Most notably, Gillibrand proposed creating public financing of federal campaigns through the issuance of "Democracy Dollars." Voters who opted into the plan would be given $200 to spend on candidates in the presidential race, plus another $200 for each Senate and House race where they live. The plan would be financed by increasing taxes on CEO salaries.

The plan aims to reduce the influence of big money in politics.

"Changing the way we fund elections and attacking political corruption is the only way to accomplish any of our boldest, most progressive policies and truly help working families," Gillibrand said in a post.

The plan — which is similar to one previously offered by Democratic presidential candidate Andrew Yang — is modeled after one Seattle implemented. And it's popular with good-government groups.

"It provides citizens with a free means to try to influence politics and it encourages participation," said Craig Holman, government affairs lobbyist for Public Citizen. "And it's a noncorrupting source of financing of elections."

Little impact so far

Gillibrand's ideas have drawn the occasional headline, but they haven't given her any headway in the crowded Democratic field. As of Friday, she remained mired at 0.7 percent in the RealClearPolitics average of national polls.

Asked why Gillibrand's proposals haven't broken through, several campaign experts said neither voters nor the media focus on policy so early.

"Voters aren't studying for an exam on who has the best policies," said Rose Kapolczynski, a Democratic consultant in California. "Voters are looking at the candidate's character, their experience, and do they think the candidate cares about people like them?"

What's more, the modern media environment favors the flashy over the wonkish. For example, when Trump compared Democratic challenger Pete Buttigieg to Mad Magazine's Alfred E. Newman, it produced 26 percent more media mentions than Gillibrand's Family Bill of Rights, according to Nexis news database searches of the two topics.

Buttigieg exploited that moment and extended its media shelf life by saying he had never heard of Alfred E. Newman.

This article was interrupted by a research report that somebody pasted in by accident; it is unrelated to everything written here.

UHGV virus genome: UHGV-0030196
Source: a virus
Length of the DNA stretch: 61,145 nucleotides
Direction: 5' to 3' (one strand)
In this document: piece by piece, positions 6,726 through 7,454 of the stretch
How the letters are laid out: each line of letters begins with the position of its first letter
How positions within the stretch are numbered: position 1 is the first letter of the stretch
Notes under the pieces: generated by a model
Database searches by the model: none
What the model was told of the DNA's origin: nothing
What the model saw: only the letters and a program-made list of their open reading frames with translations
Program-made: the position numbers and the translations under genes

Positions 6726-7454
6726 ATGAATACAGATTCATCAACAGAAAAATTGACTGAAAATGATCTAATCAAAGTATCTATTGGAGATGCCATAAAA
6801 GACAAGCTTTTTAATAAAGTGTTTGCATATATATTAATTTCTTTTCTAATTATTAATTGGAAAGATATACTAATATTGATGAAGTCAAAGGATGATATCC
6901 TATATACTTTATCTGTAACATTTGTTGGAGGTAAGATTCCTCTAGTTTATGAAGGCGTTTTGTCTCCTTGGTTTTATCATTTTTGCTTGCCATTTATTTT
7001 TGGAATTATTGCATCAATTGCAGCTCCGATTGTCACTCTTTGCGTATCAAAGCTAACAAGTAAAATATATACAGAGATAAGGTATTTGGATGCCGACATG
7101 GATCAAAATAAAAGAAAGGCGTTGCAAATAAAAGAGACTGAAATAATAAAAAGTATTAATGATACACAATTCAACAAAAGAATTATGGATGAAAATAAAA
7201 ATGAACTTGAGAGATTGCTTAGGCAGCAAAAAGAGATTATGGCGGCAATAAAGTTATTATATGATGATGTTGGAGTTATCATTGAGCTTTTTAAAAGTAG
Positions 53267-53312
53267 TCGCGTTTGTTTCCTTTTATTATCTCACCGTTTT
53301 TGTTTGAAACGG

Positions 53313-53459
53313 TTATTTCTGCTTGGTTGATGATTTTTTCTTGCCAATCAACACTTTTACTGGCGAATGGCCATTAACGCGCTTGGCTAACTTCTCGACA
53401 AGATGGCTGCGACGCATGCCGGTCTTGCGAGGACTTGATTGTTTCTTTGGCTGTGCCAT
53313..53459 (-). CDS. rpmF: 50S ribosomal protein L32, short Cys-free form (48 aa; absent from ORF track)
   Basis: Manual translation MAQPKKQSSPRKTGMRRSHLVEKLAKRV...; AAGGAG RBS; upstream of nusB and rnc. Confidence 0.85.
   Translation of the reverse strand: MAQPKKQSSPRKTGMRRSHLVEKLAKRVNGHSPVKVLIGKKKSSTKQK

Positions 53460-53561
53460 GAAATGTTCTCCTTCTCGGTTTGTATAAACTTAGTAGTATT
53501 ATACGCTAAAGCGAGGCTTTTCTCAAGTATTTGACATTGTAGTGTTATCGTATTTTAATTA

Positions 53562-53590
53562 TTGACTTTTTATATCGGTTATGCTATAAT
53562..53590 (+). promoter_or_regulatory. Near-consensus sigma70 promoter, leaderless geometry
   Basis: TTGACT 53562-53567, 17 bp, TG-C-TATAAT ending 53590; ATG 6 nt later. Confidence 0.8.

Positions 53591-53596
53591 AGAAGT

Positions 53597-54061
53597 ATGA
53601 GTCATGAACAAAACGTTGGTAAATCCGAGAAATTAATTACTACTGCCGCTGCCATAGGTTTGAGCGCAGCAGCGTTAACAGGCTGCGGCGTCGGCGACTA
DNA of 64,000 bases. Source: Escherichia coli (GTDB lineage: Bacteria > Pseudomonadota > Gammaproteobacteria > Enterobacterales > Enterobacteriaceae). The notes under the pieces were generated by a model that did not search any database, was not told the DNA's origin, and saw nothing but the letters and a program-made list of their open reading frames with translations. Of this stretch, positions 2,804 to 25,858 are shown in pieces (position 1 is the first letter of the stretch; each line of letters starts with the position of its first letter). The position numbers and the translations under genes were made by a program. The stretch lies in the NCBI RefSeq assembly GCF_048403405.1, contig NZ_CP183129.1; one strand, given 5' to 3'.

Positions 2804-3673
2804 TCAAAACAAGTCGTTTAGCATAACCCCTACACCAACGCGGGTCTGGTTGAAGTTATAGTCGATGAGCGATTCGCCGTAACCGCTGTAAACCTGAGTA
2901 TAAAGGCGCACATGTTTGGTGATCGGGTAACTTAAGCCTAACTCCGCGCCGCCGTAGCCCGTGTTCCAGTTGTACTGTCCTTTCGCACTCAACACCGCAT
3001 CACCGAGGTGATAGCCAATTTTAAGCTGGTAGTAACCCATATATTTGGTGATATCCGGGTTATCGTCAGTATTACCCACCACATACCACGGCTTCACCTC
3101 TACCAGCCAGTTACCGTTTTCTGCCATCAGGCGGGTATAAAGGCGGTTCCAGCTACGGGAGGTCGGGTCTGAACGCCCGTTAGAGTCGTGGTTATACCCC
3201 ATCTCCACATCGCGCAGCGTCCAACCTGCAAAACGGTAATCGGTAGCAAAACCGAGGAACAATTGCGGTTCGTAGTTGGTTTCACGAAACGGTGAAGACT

"That's a great response," said Peter Yacobucci, a political scientist at SUNY Buffalo State. "I could not see Kirsten Gillibrand getting off that kind of response right away."

Why does this matter? Because many political pros say such viral moments do more to build a candidate's name recognition than policy proposals do.

"It's all about name recognition," said Linda L. Fowler, a professor of government at Dartmouth College in New Hampshire, the first primary state. "And people don't know who she (Gillibrand) is."

A recent Quinnipiac University poll found that 56 percent of Democrats surveyed did not know enough about Gillibrand to have an opinion of her. Voters were far more familiar with several of her Senate colleagues, including Bernie Sanders of Vermont, Elizabeth Warren of Massachusetts, Kamala Harris of California and Cory Booker of New Jersey.

Political pros attributed that lack of name recognition not to Gillibrand's policies, but to her persona.

"She's certainly well-spoken," Yacobucci said. "She does a pretty good campaign speech. But there's not a fire there."

Yacobucci compared Gillibrand's stump speeches to Warren's more impassioned efforts — which, Fowler said, draw rave reviews even in conservative parts of New Hampshire.

Warren has been waging a campaign even heavier on issues than Gillibrand's, but Warren's poll numbers have been rising for a month, while Gillibrand's have barely moved.

"For whatever reason, (Gillibrand) hasn't struck that spark yet," Fowler said.

And plans like the Family Bill of Rights probably won't light a fire, either, Kapolczynski said.

"What I've read about, it looks great," she said, "but one of the issues for the Family Bill of Rights is: How many people are actually going to read it?"